Studies show additional benefits to a diet rich in DHA omega-3 fatty acids such as reduced blood pressure, reduced risk of advanced prostate cancer, prevention of the leading cause of blindness in elderly, and protection against heart disease. Additionally, research shows that olive oil, avocados, salmon, flaxseed, walnuts and other monounsaturated fats further protect against heart disease by raising good cholesterol levels and controlling bad ones.
Other sources of DHA omega-3 fatty acids include canola and flaxseed oils, flax, walnuts, and pumpkins seeds, as well as DHA omega-3 supplements.
Don’t Forget the Luteolin!
Luteolin is found in many plants, including carrots, peppers, celery, olive oil, peppermint, rosemary and chamomile. Luteolin reduces age-related brain inflammation and the resulting memory loss by inhibiting the release of inflammatory molecules.
Gold at the End of the Rainbow~ Good health is golden. And orange and red and green and blue. Remember that fruits and vegetables rich in color are also rich in nutrients.
Anti-oxidant rich dark green leafy greens, such as kale, spinach, and broccoli, orange and yellow vegetables such as carrots, squash, and yams, red peppers and tomatoes. Seniors need 2 to 2 ½ cups of veggies every day.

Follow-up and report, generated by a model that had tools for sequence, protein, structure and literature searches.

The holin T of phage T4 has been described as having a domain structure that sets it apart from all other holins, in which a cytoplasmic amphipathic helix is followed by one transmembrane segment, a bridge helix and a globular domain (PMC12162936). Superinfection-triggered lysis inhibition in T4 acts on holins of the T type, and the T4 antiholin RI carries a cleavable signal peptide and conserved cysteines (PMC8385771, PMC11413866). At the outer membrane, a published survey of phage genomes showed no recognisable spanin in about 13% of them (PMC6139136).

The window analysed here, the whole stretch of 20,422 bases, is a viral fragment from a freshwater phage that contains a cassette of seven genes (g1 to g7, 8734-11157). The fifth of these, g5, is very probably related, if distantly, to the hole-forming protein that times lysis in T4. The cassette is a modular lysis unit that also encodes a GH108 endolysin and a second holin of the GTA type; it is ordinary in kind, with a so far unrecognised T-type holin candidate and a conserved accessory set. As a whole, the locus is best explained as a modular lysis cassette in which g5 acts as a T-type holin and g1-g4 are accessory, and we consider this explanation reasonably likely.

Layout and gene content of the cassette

Whole Fruits Your Whole Life. Whole fruits provide more fiber and vitamins than juice. 1 ½ to 2 servings a day will supply many of the beneficial vitamins needed to boost the immune system. Vary choices to include colorful fruits such as blackberries, blueberries and melons.
Got Milk? Seniors need 1,200 mg of calcium a day through servings of milk, yogurt, or cheese. Non-dairy sources include tofu, broccoli, almonds, and kale. A diet complete with calcium reduces bone loss and risk of fractures.
Whole Grains Your Whole Life. Always choose whole grains over processed white flour for high fiber and nutrient rich meals. Over age 50, women need 21 grams of fiber, men need 30 grams.
Here’s the Protein. Seniors need about a ½ a gram of protein per pound of body weight. Divide weight in half to find out how many grams are needed. Be sure protein comes from a variety of sources and includes more fish, beans, nuts, seeds, eggs, cheese, and milk.
1 cup low-fat vanilla yogurt (419mg calcium, 12g protein)
1 cup 1% milk (305mg calcium, 8g protein)
1 Tb peanut butter (7mg calcium, 4g protein, 1g fiber)
1 medium banana (1 serving fruit, 7mg calcium, 1g protein, 3g fiber)
1 cup fresh strawberries, sliced (1 serving fruit, 24mg calcium, 1g protein, 3g fiber)
1 Tb whey powder (64mg calcium, 1g protein)
1 Tb ground flax seed (18mg calcium, 1.5g protein, 2g fiber, 2g omega-3)
4 ice cubes or 1/2 cup crushed ice
Blend all ingredients in a blender until smooth. Makes 2 drinks.
This is a great start to the day for you and your senior parent. This delicious power drink provides 422mg calcium, 15g protein, 5g fiber, 1g omega-3 and half of the daily fruit requirement per serving, and while whey powder and ground flax seed may not already be in your kitchen they should be – they taste great and will last a long time. Kids love these smoothies too!